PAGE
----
(a version of this story was previously published on Neon Observatory, as part of the series “10 Civilizations That Will Change Your View of History”)
For many, the Amazon Rainforest is the supreme symbol of the natural world and its riches. The planet’s largest rainforest, it is home to a tenth of all living species on Earth, and responsible for much of the world’s total oxygen production. Environmentalists often point to the Amazon’s rapid deforestation to typify the war between humans and nature. It would therefore be supremely ironic if the Amazon Rainforest turned out to have been created by humans in the first place!
Difficult though it is to believe, this may in fact have been the case. Though it has been long thought that the Amazon was sparsely populated prior to European invasion, by indigenous hunter-gatherers living in harmony with their environment, logging since the 1970s has revealed massive human-made structures diagnostic of complex civilization. These include long roads, protective walls, canals, artificial ponds, crop fields, and deep trenches up to 16 feet deep, which when viewed from above join to form elaborate geometric designs hundreds of yards across.
The oldest such structures are more than 2,000 years old, at which time much of the land now covered in forest appears to have been dry savanna, as shown by sediment cores collected from lake beds. Others are far younger, including the ruins of settlements which housed tens of thousands of people as recently as the 17th century, long after the landscape had been overrun by jungle. It seems likely that these Amazonian cities thrived right up to the time of European arrival in South America, when the rapid spread of disease killed off nearly all of their inhabitants. If so, the isolated, seemingly “primitive” tribes living in the rainforest today may in fact be the survivors of a once advanced civilization, rather than the living Stone Age relics anthropologists have long assumed them to be.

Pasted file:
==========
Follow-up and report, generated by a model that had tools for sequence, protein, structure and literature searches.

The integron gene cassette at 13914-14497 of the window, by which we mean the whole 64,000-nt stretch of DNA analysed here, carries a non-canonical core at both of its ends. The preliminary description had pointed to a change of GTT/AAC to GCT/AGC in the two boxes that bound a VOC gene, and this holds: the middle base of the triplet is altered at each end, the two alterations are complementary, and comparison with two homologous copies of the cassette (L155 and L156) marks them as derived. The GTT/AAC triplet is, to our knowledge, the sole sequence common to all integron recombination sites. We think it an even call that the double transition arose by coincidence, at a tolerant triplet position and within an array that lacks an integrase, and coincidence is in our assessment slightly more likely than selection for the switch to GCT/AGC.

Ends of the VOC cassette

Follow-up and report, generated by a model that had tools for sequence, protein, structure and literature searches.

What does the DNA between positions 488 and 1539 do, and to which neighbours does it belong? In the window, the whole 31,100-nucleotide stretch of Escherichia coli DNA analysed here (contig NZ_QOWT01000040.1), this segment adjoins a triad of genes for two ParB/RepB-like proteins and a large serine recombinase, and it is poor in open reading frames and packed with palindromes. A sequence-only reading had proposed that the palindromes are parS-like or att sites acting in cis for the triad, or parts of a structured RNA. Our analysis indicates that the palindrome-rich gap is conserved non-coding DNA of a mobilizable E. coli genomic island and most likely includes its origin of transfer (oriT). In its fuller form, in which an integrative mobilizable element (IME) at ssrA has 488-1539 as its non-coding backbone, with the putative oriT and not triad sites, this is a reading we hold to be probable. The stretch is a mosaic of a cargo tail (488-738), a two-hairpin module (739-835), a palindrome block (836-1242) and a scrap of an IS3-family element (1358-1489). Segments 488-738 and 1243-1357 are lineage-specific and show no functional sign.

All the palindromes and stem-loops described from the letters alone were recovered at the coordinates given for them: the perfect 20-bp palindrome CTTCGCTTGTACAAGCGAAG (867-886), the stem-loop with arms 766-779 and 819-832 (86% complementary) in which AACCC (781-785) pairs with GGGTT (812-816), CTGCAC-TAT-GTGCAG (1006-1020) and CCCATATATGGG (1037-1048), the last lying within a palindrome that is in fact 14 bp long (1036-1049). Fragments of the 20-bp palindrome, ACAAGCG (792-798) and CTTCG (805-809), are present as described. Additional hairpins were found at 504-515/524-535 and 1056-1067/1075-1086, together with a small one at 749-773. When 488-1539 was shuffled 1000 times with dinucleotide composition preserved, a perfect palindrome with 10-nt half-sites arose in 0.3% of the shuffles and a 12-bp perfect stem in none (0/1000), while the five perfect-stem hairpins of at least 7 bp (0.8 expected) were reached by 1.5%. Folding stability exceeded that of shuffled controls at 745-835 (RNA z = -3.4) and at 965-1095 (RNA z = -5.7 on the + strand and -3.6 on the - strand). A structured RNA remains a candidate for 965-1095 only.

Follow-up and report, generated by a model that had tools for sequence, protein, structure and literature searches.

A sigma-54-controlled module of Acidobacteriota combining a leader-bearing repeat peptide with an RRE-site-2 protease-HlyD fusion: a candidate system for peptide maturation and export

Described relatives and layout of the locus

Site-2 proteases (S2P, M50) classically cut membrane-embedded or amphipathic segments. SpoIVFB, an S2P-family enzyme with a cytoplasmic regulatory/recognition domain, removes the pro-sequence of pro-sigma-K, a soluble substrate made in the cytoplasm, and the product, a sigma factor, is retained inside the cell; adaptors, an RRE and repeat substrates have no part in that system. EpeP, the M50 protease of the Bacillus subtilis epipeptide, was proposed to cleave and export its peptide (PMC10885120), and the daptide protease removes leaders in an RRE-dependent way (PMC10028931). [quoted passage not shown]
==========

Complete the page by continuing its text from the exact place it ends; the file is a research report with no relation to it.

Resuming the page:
The existence of large populations capable of reshaping the land, both before and after the rise of the modern rainforest, has led some researchers to propose that humans themselves played a major role in the Amazon’s growth. According to paleobiologist John Francis Carson, the initial growth of lush vegetation probably owed more to increased rainfall than human intervention. However, humans may well have deliberately selected for specific types of plants in accord with their own interests, greatly influencing the composition of species in the rainforest today. The spread of terra preta – fertile soil artificially enriched with charcoal, bone, and manure – across much of the Amazon shows that its early inhabitants also modified the earth to increase plant growth.
At first glance, the notion that the Amazon Rainforest owes its existence partly to humans may seem deeply challenging. If grassy savanna turns out to have been its original state prior to human tampering, it would certainly complicate efforts to curtail logging, at least if simply “preserving nature” is one’s primary rationale for doing so. On the other hand, the co-evolution of the Amazon and its native societies, and the forest’s massive influence on global climate over the few thousand years it’s existed, also illustrate an important point as to humans’ relationship with the natural world: that people are not apart from nature, but a part of it, whose actions and continued survival are intimately connected with the rest of the ecosystem.
Viewed that way, what better argument could there be for care and caution in the ways we impact our environment, and efforts to prevent its reckless destruction?